Should Your Child See a Doctor?

Mosquito-Borne Diseases From Travel

Is this your child's symptom?

  • Questions about diseases in the tropics that are spread by mosquitoes
  • Includes malaria, yellow fever, dengue fever and chikungunya fever
  • Your child has no symptoms of tropical disease. If your child has symptoms, use other guides. These diseases start with high fevers.
  • Tropical diseases occur in people who travel to or live in high-risk countries. These mainly are developing countries near the Equator. You may have traveled to a high-risk country recently.
  • West Nile Virus is not included in this guide. See the Mosquito Bite guide.

If NOT, try one of these:

How Tropical Mosquito-Borne Diseases are Detected by this Symptom Checker

  • These diseases can't be diagnosed over the phone. But, they can be suspected based on their symptoms. They are then referred to a medical setting where a diagnosis can be made.
  • Malaria will be picked up by the Fever guide. High fevers, prolonged fever and shaking chills will refer the child to be seen. The Headache or Leg Pain guides will also work. Reason: Malaria can also cause severe headache or muscle pain.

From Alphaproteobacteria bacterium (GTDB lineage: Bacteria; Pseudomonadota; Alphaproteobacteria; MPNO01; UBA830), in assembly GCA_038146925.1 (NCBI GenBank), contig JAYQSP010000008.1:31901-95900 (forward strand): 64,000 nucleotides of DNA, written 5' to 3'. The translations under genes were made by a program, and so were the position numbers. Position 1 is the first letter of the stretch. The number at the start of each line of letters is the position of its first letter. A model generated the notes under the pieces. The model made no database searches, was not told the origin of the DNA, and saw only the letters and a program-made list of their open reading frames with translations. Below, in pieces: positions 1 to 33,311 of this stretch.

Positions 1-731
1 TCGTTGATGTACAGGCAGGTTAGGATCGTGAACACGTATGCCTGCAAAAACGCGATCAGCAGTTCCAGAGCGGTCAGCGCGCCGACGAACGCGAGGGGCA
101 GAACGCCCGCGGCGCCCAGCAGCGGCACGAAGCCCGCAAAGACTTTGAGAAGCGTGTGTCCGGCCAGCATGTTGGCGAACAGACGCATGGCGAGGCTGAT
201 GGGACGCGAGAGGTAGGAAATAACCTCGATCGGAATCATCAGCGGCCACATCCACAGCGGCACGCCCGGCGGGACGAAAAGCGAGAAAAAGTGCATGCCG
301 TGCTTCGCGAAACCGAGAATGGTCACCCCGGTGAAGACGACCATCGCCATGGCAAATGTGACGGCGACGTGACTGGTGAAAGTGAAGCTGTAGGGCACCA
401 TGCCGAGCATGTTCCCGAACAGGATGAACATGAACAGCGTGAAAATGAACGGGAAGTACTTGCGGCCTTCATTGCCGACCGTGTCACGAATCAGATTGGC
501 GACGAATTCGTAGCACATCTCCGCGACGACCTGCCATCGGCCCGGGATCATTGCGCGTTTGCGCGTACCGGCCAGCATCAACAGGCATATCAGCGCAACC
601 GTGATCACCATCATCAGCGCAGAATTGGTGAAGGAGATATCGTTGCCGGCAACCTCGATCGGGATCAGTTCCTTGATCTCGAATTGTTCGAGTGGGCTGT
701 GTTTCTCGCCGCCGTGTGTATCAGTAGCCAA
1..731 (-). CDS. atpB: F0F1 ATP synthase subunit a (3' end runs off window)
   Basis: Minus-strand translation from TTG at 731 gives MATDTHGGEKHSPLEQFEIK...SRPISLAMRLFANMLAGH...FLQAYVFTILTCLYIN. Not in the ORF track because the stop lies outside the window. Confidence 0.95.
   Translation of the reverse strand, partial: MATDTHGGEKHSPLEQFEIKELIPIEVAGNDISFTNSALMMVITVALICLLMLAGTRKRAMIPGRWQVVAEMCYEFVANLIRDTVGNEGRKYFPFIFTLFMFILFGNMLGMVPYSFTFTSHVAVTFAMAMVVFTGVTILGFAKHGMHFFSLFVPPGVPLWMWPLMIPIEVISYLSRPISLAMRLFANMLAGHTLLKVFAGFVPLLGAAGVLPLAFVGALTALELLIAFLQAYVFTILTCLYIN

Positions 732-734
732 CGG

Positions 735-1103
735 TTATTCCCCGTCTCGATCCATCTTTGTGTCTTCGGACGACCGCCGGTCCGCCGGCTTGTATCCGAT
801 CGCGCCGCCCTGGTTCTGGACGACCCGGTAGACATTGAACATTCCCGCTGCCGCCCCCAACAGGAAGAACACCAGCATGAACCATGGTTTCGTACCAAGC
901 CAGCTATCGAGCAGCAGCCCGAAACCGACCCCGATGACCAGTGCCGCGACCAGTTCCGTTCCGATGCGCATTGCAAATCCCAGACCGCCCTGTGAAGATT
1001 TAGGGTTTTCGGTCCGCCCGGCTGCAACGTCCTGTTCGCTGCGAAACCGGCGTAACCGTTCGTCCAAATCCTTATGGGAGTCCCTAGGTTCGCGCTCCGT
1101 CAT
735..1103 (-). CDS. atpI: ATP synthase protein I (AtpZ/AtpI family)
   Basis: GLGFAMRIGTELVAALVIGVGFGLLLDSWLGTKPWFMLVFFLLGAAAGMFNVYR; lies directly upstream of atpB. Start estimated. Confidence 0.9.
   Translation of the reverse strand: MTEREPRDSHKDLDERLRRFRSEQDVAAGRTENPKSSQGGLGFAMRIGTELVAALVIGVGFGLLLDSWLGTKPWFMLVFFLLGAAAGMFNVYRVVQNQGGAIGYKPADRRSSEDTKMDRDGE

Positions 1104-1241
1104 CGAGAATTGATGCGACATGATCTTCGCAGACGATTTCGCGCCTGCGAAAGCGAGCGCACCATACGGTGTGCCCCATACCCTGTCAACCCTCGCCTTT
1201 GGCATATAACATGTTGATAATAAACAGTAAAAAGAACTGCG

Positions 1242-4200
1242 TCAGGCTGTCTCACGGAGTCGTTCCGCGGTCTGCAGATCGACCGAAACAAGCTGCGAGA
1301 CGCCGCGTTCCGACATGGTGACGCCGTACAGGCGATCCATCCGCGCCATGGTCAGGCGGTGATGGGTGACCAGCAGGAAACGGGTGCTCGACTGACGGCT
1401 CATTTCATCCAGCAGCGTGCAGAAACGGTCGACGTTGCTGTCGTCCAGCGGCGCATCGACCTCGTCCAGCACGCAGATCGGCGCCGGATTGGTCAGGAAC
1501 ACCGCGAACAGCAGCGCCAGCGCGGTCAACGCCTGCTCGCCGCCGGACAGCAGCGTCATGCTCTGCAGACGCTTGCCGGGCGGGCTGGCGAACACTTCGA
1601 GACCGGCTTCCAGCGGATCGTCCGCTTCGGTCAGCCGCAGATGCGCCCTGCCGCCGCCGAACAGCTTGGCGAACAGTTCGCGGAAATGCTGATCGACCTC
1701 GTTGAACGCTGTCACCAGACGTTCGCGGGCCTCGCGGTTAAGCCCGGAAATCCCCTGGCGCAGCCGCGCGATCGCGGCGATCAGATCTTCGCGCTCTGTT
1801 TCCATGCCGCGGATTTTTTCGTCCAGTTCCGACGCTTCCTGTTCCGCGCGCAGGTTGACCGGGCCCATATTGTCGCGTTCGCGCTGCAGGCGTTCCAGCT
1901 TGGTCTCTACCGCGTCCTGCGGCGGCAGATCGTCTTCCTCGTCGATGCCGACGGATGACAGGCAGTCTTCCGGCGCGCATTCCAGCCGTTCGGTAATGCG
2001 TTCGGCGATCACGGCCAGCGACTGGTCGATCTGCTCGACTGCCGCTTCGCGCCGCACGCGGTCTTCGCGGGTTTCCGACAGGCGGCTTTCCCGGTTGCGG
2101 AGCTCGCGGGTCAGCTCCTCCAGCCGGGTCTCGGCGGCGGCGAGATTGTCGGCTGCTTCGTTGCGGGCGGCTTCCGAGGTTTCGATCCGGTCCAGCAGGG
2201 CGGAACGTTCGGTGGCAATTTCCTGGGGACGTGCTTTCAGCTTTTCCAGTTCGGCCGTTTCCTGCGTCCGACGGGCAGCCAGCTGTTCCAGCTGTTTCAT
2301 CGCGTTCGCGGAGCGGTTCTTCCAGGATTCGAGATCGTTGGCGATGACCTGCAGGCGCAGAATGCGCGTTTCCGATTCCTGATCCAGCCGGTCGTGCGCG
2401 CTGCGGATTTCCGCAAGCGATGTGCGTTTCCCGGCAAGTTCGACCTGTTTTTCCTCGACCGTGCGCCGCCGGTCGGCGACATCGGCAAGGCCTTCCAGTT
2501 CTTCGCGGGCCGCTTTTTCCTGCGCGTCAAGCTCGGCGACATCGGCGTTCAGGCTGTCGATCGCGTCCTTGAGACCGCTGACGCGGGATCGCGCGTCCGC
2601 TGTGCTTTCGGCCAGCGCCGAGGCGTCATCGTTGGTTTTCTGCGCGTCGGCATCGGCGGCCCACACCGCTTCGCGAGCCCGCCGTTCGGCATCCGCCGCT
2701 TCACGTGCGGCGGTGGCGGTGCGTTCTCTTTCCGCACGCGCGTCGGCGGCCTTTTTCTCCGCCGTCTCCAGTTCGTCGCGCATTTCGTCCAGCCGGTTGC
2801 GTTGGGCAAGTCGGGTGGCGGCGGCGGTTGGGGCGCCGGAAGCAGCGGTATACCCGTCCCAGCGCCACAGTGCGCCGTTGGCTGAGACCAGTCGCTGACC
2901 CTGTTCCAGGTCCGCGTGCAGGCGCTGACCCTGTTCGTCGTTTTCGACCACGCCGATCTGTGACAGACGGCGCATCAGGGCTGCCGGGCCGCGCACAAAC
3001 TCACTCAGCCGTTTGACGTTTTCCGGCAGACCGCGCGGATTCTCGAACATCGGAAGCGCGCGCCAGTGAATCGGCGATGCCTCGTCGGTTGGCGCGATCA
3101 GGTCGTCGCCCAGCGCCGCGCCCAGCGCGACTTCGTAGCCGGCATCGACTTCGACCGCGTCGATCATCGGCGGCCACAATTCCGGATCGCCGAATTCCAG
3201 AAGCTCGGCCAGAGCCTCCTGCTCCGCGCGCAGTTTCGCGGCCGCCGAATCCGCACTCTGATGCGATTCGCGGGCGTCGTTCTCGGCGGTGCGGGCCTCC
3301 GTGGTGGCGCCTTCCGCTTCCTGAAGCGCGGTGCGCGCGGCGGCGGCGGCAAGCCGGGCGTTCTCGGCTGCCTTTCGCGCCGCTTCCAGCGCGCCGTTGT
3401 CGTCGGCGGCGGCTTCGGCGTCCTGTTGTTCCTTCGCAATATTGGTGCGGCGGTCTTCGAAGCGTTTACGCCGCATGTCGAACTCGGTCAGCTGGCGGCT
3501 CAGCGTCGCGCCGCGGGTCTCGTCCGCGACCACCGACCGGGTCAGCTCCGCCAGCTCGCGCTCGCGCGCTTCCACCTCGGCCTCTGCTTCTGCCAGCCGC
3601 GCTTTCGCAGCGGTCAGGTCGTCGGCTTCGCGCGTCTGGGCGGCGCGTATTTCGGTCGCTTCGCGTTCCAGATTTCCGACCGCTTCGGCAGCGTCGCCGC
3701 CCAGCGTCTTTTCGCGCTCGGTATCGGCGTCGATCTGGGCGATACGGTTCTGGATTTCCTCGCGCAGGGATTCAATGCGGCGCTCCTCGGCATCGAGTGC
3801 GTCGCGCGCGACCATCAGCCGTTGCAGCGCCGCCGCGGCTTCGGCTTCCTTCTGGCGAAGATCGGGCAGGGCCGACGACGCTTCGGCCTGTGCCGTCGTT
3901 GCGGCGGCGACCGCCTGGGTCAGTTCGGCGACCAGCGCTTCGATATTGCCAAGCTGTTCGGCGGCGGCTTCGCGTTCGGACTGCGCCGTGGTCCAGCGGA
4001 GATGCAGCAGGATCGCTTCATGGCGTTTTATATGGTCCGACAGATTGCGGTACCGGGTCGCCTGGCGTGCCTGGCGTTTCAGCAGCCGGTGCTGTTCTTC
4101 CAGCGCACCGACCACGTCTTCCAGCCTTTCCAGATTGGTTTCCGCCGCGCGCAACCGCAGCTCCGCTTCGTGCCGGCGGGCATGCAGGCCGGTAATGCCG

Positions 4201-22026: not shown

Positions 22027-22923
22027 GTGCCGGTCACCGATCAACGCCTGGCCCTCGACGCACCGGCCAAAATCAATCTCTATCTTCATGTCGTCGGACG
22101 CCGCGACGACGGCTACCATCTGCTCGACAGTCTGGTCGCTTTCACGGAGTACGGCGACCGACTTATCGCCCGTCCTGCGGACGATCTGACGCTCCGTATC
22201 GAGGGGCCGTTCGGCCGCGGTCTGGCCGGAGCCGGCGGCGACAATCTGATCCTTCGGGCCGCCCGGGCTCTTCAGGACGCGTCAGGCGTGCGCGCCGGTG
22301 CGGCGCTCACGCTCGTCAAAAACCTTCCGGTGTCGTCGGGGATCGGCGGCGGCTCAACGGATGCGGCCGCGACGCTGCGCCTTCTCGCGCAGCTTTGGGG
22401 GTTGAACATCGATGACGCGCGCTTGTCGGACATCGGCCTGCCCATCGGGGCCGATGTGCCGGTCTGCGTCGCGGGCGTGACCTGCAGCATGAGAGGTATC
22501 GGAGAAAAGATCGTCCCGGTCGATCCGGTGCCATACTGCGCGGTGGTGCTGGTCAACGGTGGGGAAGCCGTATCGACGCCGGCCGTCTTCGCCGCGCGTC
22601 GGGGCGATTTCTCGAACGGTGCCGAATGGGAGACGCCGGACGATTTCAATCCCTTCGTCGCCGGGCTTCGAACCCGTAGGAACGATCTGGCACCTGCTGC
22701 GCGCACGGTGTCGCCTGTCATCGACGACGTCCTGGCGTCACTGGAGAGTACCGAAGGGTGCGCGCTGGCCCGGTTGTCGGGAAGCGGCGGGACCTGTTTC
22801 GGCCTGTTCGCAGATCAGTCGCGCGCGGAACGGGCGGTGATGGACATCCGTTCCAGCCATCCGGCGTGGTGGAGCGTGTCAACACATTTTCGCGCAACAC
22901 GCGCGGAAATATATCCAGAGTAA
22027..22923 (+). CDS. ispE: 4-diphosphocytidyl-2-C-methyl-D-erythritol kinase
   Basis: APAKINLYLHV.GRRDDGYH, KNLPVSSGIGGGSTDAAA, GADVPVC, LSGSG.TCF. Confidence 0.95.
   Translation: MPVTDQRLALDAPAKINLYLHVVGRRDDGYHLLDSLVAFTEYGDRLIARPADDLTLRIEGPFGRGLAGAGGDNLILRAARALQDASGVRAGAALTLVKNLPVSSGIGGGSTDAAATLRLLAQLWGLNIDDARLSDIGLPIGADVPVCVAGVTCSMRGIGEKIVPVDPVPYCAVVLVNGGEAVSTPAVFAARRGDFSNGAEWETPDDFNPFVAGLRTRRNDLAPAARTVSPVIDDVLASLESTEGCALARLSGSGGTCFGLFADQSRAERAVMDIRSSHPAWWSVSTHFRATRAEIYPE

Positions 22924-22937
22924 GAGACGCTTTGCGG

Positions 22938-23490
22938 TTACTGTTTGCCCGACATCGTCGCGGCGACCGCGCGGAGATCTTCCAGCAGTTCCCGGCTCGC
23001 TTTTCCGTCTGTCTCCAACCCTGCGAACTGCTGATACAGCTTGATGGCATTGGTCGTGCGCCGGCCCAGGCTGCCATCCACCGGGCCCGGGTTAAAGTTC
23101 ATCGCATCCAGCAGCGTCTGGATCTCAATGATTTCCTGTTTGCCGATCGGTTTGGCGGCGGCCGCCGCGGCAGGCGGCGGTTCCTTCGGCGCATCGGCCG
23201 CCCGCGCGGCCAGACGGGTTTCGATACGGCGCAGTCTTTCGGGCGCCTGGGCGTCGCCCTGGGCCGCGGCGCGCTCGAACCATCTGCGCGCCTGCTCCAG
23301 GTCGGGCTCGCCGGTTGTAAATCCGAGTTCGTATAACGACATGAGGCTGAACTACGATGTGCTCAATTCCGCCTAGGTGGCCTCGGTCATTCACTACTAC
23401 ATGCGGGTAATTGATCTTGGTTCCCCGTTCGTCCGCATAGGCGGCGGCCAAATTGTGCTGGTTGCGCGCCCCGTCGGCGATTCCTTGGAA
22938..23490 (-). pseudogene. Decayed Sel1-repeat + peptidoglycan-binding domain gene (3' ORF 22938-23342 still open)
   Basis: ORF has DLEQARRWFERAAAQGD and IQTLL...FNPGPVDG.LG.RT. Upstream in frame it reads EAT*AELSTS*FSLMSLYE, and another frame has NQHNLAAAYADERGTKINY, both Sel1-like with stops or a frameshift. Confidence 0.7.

• Yellow fever will be picked up by the Fever guide. High fevers, prolonged fever and shaking chills will refer the child to be seen. The Headache or Leg Pain guides will also work. Reason: Yellow fever can also cause severe headache or muscle pains.
  • Dengue fever will be picked up by the Fever guide. High fevers, prolonged fever and shaking chills will refer the child to be seen. The Headache or Leg Pain guides will also work. Reason: Dengue fever can also cause severe headache, joint pain or muscle pains.
  • Chikungunya fever will be picked up by the Fever guide. High fevers, prolonged fever and shaking chills will refer the child to be seen. The Arm Pain or Leg Pain guides will also work. Reason: Joint pains in the hands and feet are common. So are muscle pains.
  • Travel to a high risk country should raise the concern. However, common diseases that cause fever such as colds also must be ruled out. They occur more commonly in these countries than the serious diseases. But, severe symptoms or symptoms that last too long make us think about these other diseases.

Worldwide Causes of Death in Children Under Age 5

  • 6.3 million children under the age of 5 died in 2013 worldwide.
  • These 5 infections account for over 50% of all early child deaths:
    1. Pneumonia and other respiratory diseases 19%
    2. Diarrhea disease 18%
    3. Malaria 8%
    4. Measles 4%
    5. HIV/AIDS 3%
  • Poor nutrition is a factor in over half who die older than one month of age.
  • Over 80% of deaths occur in Africa and Southern Asia. India accounts for 21% of under-five deaths.
  • More than half are due to diseases that we could prevent or treat.
  • Resource: WHO report, September 2014

Tropical Countries

  • Countries in the tropics are near the Equator. They have hot and humid climates.